Saturday, March 30, 2024

Shrine of Inari at the BBG

This is my favorite part of the Brooklyn Botanical Garden - the Shrine of Inari with the two fox statues in front. Shrines to Inari invariably have these fox statues - or kitsune, apparently. I know they are messengers of the god but also, they're so cute.

Thursday, March 21, 2024

Orchid update ~ eight flowers

This last one appeared a month after the seventh flower.

Saturday, March 16, 2024

The Civil War - but with cats

I found this funny graphic at the Library of Congress website recently and then, coincidentally a couple of days later at the Library Company of Philadelphia.

It's called "The Question Settled" and the cat on the right represents the South - or to be exact "Jeff" as in Jefferson Davis, the white cat represents the North as indicated by "Old Abe" on his collar, and the cat on the left has a ribbon labelled "contraband" which is what the enslaved people, rescued from the Confederacy by the Union Army, were called.

This version from the Library Company is in better shape than the one in the Library of Congress, but you can still see spots and stains on the image. I'll have to clean that up with Photoshop one of these days. More about the image here.

Thursday, March 07, 2024

Getting Right with Lincoln

Initially I called my play about the friendship between Abraham Lincoln and Frederick Douglass THE LINCOLN-DOUGLASS DEBATES but decided to change it to GETTING RIGHT WITH LINCOLN.

The first title was a response to the Republican party's shameful abuse of the memory of Douglass, specifically when a Republican state senator of Virginia, in the early days of the ongoing campaign by the Republican Party to erase Black history, introduced a bill to ban the teaching of "divisive concepts."

He was open, however to the discussion of "history" for example "the first debate between Abraham Lincoln and Frederick Douglass."

The senator had confused abolitionist and former slave Frederick Douglass with white senator Stephen Douglas, who famously had a series of debates, primarily about slavery, with Lincoln in 1858. This was after Donald Trump had said “Frederick Douglass is an example of somebody who’s done an amazing job and is being recognized more and more, I notice.” Which made it sound like Trump believed Douglass was currently alive.

But in the end I decided that too many people might not get the difference between Douglas with one S and Douglass with two Ss and so might assume the play was about the actual Lincoln - Douglas debates. 

The phrase "getting right with Lincoln" is used often by historians, as I came to learn in the year and a half of researching Lincoln and Frederick Douglass before writing the play. The phrase comes from an essay by historian David Donald published in The Atlantic in 1956, although apparently Donald originally got it from a congressman:

 as Congressman Everett Dirksen solemnly assured his Republican colleagues, that these days the first task of a politician is "to get right with...Lincoln."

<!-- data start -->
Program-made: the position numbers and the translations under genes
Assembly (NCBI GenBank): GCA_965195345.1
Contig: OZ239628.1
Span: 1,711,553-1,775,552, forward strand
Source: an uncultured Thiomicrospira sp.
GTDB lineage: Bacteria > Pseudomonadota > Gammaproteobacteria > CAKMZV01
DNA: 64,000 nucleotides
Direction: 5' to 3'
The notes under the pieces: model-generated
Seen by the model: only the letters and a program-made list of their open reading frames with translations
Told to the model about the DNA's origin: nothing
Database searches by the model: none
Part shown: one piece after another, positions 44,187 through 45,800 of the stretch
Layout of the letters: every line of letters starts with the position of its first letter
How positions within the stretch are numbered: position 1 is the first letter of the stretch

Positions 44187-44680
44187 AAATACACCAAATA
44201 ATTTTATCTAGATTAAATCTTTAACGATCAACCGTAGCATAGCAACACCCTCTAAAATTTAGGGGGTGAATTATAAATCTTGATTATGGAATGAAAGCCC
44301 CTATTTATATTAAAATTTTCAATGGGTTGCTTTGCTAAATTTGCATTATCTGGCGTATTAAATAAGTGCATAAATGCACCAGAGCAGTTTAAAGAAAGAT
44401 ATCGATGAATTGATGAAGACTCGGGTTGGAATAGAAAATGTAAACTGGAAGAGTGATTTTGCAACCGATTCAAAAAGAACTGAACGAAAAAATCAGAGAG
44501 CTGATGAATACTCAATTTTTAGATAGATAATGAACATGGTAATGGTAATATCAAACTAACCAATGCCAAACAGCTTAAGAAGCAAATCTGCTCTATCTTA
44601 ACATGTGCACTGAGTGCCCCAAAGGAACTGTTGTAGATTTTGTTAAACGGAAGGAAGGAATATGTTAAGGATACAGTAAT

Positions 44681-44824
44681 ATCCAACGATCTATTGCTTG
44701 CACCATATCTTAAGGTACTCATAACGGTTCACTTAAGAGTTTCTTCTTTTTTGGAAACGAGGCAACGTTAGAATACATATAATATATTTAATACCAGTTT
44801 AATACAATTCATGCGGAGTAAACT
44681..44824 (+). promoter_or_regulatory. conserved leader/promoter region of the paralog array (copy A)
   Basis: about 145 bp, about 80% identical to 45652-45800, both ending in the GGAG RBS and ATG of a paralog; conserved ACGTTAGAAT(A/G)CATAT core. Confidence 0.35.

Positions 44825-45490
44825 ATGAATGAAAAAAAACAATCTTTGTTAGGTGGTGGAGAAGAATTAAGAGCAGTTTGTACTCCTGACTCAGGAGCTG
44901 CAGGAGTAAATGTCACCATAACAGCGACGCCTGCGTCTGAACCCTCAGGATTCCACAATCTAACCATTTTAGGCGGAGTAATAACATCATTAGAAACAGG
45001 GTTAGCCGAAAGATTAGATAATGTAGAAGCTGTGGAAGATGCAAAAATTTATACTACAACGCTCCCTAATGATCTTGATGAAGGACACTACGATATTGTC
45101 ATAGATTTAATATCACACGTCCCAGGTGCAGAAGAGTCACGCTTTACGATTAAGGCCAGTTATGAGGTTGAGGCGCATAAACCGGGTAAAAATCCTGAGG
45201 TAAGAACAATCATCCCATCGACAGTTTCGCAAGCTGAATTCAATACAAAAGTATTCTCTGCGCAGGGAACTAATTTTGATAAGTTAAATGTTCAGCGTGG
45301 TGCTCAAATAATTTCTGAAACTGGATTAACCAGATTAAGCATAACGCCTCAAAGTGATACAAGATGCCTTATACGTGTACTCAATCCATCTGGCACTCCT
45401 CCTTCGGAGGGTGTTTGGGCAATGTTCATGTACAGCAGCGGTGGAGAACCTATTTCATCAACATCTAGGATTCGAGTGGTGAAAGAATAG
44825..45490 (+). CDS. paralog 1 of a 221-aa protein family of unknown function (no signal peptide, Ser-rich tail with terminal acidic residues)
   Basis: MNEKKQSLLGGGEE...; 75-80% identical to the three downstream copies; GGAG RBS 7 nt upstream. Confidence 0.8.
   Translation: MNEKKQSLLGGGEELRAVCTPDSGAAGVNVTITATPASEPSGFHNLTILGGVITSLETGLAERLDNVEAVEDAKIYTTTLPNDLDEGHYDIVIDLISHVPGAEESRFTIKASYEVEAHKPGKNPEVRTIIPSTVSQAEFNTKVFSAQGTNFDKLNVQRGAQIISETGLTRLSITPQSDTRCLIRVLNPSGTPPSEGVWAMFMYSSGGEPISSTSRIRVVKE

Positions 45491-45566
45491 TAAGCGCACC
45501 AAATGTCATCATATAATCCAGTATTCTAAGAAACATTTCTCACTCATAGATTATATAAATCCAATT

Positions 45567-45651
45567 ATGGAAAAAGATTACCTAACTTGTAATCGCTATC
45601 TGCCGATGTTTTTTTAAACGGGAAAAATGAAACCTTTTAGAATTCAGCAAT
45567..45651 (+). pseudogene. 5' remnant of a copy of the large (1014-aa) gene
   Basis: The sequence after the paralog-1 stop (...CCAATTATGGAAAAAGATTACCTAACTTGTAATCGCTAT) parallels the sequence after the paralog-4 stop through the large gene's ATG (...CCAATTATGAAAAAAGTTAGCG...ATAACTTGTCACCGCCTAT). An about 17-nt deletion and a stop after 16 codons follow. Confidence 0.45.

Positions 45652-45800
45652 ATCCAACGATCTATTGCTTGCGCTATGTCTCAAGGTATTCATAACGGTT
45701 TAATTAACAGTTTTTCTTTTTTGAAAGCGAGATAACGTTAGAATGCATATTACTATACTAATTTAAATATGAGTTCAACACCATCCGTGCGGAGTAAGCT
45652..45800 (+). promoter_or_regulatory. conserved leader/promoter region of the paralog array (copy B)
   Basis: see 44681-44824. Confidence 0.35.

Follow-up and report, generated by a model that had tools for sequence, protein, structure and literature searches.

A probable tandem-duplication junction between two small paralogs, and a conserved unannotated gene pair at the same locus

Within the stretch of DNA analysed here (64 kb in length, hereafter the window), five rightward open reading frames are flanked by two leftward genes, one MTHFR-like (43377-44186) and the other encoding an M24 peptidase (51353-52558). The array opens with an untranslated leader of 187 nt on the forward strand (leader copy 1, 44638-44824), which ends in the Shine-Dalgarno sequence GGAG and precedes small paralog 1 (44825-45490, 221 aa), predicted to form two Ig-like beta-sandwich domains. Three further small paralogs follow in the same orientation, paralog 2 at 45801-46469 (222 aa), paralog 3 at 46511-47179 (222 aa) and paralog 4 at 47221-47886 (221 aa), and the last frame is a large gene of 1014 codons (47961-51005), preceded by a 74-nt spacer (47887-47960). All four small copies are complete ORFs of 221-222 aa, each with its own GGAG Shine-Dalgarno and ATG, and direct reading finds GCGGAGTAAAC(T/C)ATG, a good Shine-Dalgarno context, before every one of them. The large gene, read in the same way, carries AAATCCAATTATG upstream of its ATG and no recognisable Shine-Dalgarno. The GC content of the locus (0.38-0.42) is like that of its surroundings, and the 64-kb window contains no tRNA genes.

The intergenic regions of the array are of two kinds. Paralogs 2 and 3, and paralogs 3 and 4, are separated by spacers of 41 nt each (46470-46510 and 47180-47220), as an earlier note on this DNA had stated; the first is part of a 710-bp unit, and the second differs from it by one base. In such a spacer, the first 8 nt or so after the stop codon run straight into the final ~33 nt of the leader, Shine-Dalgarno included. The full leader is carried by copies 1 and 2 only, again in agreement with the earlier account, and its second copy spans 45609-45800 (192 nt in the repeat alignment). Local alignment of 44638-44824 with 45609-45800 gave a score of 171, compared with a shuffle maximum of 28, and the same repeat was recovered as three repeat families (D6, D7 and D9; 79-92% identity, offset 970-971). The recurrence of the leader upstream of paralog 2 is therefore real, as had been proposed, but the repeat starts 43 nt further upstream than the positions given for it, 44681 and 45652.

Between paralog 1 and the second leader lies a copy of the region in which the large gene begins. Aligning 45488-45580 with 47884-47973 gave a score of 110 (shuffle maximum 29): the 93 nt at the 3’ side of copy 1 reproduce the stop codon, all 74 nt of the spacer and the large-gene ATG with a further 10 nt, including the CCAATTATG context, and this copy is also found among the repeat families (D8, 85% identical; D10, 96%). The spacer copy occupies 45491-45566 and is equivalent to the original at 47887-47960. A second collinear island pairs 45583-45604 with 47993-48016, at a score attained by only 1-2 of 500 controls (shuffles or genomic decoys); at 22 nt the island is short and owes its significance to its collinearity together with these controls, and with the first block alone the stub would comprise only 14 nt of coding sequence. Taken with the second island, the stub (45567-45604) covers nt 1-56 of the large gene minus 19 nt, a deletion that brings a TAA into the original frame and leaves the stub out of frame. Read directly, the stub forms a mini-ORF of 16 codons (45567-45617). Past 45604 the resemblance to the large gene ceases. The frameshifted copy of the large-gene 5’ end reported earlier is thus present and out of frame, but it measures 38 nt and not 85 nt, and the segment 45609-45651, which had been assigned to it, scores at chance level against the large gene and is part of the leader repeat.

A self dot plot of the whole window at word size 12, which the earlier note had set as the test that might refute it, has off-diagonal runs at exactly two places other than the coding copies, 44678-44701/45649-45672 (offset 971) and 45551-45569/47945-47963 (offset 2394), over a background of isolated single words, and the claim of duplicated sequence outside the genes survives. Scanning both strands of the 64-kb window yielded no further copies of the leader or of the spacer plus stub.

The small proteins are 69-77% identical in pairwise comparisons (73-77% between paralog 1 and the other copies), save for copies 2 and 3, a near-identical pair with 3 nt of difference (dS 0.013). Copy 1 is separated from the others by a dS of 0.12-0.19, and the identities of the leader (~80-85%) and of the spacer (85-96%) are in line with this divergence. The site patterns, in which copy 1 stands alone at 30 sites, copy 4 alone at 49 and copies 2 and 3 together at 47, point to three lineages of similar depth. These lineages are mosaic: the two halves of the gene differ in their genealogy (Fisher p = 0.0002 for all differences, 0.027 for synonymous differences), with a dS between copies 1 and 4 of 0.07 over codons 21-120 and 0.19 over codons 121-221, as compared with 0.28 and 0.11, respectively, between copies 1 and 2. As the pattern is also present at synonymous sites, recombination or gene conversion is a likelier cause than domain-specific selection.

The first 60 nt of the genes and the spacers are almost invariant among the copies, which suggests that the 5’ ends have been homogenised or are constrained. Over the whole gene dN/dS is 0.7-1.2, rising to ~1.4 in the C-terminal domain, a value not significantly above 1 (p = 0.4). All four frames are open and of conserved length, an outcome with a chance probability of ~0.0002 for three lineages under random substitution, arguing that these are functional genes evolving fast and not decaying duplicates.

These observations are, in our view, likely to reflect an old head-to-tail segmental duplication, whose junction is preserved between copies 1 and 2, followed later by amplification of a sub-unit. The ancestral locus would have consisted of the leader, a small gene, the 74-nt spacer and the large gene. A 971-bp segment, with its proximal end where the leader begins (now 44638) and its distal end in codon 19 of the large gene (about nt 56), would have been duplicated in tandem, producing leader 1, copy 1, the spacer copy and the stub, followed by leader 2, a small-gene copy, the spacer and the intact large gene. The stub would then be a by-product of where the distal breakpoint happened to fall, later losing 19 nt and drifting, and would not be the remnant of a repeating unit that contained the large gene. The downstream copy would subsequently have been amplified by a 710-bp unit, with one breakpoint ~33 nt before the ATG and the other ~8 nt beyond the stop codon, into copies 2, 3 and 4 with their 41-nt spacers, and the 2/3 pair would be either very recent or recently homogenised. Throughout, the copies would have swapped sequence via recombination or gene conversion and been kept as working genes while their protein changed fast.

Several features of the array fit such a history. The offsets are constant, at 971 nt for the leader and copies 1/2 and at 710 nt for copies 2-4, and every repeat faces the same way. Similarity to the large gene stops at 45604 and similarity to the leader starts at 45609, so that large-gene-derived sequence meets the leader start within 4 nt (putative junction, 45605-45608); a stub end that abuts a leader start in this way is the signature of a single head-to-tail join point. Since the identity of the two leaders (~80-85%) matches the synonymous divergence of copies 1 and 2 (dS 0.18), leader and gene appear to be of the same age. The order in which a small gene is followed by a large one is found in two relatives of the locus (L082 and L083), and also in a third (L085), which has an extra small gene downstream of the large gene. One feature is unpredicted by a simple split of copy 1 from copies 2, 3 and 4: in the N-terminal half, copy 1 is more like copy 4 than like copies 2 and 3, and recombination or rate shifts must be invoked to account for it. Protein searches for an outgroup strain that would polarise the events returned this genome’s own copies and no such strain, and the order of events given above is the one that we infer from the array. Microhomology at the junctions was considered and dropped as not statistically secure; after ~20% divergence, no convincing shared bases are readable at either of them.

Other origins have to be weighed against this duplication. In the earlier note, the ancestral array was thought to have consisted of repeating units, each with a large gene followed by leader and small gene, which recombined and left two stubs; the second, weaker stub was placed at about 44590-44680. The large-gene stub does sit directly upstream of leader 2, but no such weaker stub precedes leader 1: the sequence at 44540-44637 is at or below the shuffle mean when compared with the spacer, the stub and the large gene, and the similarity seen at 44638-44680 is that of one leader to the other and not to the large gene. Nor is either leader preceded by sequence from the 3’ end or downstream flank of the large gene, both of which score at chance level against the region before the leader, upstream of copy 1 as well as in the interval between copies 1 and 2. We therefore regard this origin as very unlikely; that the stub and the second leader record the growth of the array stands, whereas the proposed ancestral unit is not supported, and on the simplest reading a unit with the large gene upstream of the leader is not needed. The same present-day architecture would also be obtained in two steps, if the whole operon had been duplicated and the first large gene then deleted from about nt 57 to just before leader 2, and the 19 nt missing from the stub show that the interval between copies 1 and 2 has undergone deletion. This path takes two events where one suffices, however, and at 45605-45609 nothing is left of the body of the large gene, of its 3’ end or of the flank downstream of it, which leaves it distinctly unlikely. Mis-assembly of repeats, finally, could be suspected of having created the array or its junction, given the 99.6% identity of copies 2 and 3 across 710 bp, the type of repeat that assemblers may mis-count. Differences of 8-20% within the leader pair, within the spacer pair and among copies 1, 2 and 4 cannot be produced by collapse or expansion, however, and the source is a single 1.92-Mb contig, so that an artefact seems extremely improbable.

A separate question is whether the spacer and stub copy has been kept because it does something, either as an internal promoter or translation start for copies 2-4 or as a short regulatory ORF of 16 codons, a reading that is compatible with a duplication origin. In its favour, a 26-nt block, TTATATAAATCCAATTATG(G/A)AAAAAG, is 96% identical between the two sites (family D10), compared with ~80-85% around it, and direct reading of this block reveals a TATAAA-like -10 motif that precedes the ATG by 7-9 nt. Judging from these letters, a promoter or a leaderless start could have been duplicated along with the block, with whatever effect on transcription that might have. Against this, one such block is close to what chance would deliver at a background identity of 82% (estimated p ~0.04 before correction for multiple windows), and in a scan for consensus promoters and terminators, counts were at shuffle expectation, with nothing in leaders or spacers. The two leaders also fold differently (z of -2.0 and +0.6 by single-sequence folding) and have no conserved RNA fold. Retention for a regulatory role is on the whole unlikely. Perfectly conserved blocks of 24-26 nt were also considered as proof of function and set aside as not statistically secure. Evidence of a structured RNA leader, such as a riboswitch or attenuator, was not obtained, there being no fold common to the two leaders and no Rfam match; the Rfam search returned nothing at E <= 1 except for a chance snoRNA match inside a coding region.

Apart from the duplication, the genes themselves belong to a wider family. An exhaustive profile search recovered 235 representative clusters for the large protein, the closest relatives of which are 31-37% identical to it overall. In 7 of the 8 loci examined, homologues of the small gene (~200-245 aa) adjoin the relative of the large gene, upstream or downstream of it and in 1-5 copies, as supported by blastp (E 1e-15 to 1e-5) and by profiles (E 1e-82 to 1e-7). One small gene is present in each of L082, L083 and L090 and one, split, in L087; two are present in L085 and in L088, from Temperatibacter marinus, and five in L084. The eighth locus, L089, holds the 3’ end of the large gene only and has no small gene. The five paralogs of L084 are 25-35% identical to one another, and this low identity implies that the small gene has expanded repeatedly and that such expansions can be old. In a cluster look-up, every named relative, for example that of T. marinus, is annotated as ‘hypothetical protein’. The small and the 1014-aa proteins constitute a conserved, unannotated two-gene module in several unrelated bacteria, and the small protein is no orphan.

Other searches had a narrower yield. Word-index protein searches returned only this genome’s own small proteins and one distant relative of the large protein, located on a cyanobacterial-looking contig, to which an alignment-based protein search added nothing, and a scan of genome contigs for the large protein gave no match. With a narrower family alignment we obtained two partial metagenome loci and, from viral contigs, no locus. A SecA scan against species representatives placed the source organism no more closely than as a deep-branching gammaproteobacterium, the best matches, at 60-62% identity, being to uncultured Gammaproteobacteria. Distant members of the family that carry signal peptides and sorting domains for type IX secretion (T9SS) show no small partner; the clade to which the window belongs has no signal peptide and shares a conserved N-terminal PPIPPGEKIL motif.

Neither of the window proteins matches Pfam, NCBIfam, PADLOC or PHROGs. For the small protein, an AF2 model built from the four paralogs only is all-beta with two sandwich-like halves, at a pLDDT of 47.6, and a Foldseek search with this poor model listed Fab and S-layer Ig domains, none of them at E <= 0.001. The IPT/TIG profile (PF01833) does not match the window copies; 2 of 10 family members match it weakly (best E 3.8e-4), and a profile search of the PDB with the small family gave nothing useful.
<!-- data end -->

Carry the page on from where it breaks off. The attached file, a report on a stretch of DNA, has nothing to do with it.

I decided to use the phrase as a way to describe Frederick Douglass' gradual appreciation of Lincoln and their friendship, which was cut horribly short by Lincoln's assassination.

Also it sounds cooler than my first title, although the phrase has been used by some of the least cool people imaginable, starting with Donald himself. Although he does not explain why he finds it so objectionable that all points on the American political spectrum want to claim Lincoln as an ally - does he not understand how politics works? - he does not hide his contempt for politicians as a whole. And then of course there's the very fashionable misogyny of the time:

the seventeenth annual Lincoln Day dinner of the New York Republican Club, held at the Waldorf-Astoria in 1903. Some five hundred men attended--their wives were segregated in those happy, bygone days-

Even less cool is Charles R. Kesler, who wrote Getting Right with Lincoln: Why Lincoln's Conservative Critics Are Wrong. The article is valuable in that it demonstrates a right-winger admitting the right's hostility towards Lincoln, but a quick Google of his name demonstrates that Kesler is awful. He was a member of the Trump-led Republican Party's scheme to erase Black American history, the "1776 Commission." 

As if that isn't bad enough, Kelser wrote an apologia for Trump after January 6, in which he cites third-rate thinker and professional racist Steve Sailer

Nobody except other racists take Sailer seriously, and so I have no doubt Kesler is a racist. Abraham Lincoln does not need an extremist ghoul like that defending his honor.

More recently the phrase was seen as the title of the 2021 book Getting Right with Lincoln: Correcting Misconceptions about Our Greatest President by Edward Steers. It's an exhaustive and exhausting book examining claims about Lincoln's relationships and beliefs. Steers finds no nit too small to pick. It's not a fun read, although I do appreciate its emphasis on the fact that historians, while usually starting out from the same primary sources, often do not agree among themselves.

In a lecture about Frederick Douglass in 2018, historian David Blight used the phrase too:

...there's this old saying about Abraham Lincoln that I think David Donald coined in a 1955 essay, 50-something. And the line is simply "getting right with Lincoln." You know, choosing your Lincoln and getting - using Lincoln for your cause, getting on the side of Lincoln. What would Lincoln think? What would Lincoln have done? We kind of do that with Douglass now to some degree...

Wednesday, March 06, 2024

Sassy Lincoln

While doing research for my Lincoln play, I found this photo of Lincoln. It seems more dynamic than most of them - he doesn't look so much like his monument here, more like a guy who's about to say something - probably tell a funny story. It almost looks like he's winking but I think more likely his eyelid just drooped like that.